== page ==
This week, we looked at various athletes that have been investigated for, charged with, or prosecuted for crimes relating to on-the-field incidents. We assembled a photo gallery of some of the most notable athletes.
Some people claim that soccer is the most artistic sport. Recently, six MLS prospects took that idea to a whole new level. KCUR’s Laura Spencer reports from Kansas City.
The Patriots and Broncos met in Denver on December 18. Saturday, they meet in Foxborough and will battle for the right to advance to the AFC Championship game. Dave Krieger of the Denver Post joins us to discuss the game.
For the last two winters, the Cleveland Indians have made use of their stadium during the off-season, turning the park into a winter sports complex that’s open to the public. Karen Schaefer reports from Northeast Ohio.
The town of Joplin, Mo. was devastated by a May 22nd tornado. However, high school football is helping to bring the community back together. Only A Game’s Greg Echlin has our story.
Kentucky has given the word dainty a whole new meaning. Every summer, the Louisville’s Schnitzelburg neighborhood hosts the Dainty World Championships, in which participants play a game that requires two pieces of wood, an empty street and some serious hand-eye coordination.
Some of the top female squash players in the world have gathered at Havard University for the Women’s World Junior Squash Championship. The tournament was originally scheduled to be held in Cairo, but was moved due to the political unrest in Egypt. As Only A Game’s Doug Tribou reports losing home court advantage hasn’t affected the Egyptian players one bit.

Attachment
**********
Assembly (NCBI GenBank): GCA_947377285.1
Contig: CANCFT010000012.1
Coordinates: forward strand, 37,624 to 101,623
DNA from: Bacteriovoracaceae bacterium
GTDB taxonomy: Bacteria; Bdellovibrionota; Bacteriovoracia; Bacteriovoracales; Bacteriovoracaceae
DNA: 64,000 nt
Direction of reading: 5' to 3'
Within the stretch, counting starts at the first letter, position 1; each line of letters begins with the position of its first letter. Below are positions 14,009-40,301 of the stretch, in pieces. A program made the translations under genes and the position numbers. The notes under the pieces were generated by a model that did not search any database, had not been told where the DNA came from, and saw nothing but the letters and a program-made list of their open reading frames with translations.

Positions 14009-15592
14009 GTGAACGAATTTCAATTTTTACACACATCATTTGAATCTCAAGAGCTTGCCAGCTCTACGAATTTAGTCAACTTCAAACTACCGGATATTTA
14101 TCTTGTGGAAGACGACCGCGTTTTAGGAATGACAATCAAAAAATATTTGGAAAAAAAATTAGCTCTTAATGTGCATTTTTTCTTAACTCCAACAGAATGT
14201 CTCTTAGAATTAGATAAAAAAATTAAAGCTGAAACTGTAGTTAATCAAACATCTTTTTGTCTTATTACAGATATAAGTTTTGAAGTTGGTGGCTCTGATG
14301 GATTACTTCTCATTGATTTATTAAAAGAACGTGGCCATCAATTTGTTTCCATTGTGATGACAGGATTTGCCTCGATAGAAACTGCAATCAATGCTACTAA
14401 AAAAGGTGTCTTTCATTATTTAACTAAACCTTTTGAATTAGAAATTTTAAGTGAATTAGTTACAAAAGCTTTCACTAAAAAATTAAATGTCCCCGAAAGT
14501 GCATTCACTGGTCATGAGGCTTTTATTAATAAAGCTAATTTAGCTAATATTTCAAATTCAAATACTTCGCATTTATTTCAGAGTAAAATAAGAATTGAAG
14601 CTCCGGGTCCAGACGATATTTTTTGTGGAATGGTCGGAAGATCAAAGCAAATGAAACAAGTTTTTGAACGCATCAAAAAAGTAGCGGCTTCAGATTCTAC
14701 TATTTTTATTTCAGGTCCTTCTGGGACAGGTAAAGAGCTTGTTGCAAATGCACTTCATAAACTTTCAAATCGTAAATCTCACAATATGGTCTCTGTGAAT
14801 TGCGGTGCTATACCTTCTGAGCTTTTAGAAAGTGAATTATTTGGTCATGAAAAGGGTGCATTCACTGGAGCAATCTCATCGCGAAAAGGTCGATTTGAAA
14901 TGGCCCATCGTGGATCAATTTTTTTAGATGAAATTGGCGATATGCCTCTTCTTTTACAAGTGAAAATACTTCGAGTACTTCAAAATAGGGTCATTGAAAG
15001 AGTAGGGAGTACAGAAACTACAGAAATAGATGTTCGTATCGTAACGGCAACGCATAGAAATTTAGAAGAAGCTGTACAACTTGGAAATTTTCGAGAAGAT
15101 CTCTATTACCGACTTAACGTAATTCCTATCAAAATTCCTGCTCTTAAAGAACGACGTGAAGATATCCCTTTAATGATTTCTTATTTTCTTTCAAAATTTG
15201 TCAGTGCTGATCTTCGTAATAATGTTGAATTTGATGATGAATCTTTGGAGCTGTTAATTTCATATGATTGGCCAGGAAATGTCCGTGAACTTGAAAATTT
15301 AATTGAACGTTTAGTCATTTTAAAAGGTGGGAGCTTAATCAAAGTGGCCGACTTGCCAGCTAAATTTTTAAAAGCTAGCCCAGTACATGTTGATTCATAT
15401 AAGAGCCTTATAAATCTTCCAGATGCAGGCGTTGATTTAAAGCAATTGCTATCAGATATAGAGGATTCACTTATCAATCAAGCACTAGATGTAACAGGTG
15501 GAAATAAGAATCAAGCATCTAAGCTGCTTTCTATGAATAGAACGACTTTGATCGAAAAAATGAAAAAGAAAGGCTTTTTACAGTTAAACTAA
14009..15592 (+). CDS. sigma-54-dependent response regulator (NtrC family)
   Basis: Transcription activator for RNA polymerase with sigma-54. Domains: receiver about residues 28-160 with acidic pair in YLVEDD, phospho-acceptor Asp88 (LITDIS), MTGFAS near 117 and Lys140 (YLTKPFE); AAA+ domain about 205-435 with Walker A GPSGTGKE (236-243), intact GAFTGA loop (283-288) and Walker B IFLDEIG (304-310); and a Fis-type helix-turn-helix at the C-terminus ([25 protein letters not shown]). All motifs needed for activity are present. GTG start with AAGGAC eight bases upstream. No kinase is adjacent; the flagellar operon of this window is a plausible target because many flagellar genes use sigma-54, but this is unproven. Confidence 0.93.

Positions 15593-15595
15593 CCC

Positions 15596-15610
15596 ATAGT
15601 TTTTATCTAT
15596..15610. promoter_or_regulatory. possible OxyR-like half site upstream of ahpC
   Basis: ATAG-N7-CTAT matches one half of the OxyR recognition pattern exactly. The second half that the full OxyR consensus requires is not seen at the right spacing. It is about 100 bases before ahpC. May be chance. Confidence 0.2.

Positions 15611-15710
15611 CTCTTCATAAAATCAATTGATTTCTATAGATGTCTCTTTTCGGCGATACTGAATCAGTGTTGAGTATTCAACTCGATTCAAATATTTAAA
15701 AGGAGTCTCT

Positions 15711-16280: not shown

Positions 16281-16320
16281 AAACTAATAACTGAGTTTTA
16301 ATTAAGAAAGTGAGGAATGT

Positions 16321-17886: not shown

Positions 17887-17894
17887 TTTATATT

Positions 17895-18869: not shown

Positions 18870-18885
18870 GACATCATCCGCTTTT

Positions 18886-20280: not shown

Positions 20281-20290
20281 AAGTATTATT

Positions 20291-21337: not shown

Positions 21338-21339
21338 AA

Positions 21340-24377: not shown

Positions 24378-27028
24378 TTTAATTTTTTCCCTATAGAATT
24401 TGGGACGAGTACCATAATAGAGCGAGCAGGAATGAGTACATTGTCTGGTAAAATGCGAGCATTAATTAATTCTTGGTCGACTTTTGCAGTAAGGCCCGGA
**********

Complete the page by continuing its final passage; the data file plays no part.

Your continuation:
Wondering what became of those carefully packed sand piles at the National Sand Sculpting Festival at Revere Beach? Only A Game’s Karen Given viewed the finished pieces on Sunday and brought back photos to share.
In 1896, America’s first public beach was established in Revere, a working class city five miles north of Boston. More than 100 years later, the beach is enjoying a revitalization, thanks in part to the annual Revere Beach National Sand Sculpting Festival. Only A Game’s Karen Given has our story.
In 2008, fans attending Major League Baseball games could have yelled “timber!” instead of “charge!” That’s because baseball bats started shattering at a record pace. With dangerous shards flying at players on the field and into dugouts and stands, MLB officials started looking for solutions. Milwaukee Public Radio’s Mitch Teich reports how the US Forest Service is helping baseball build a better bat.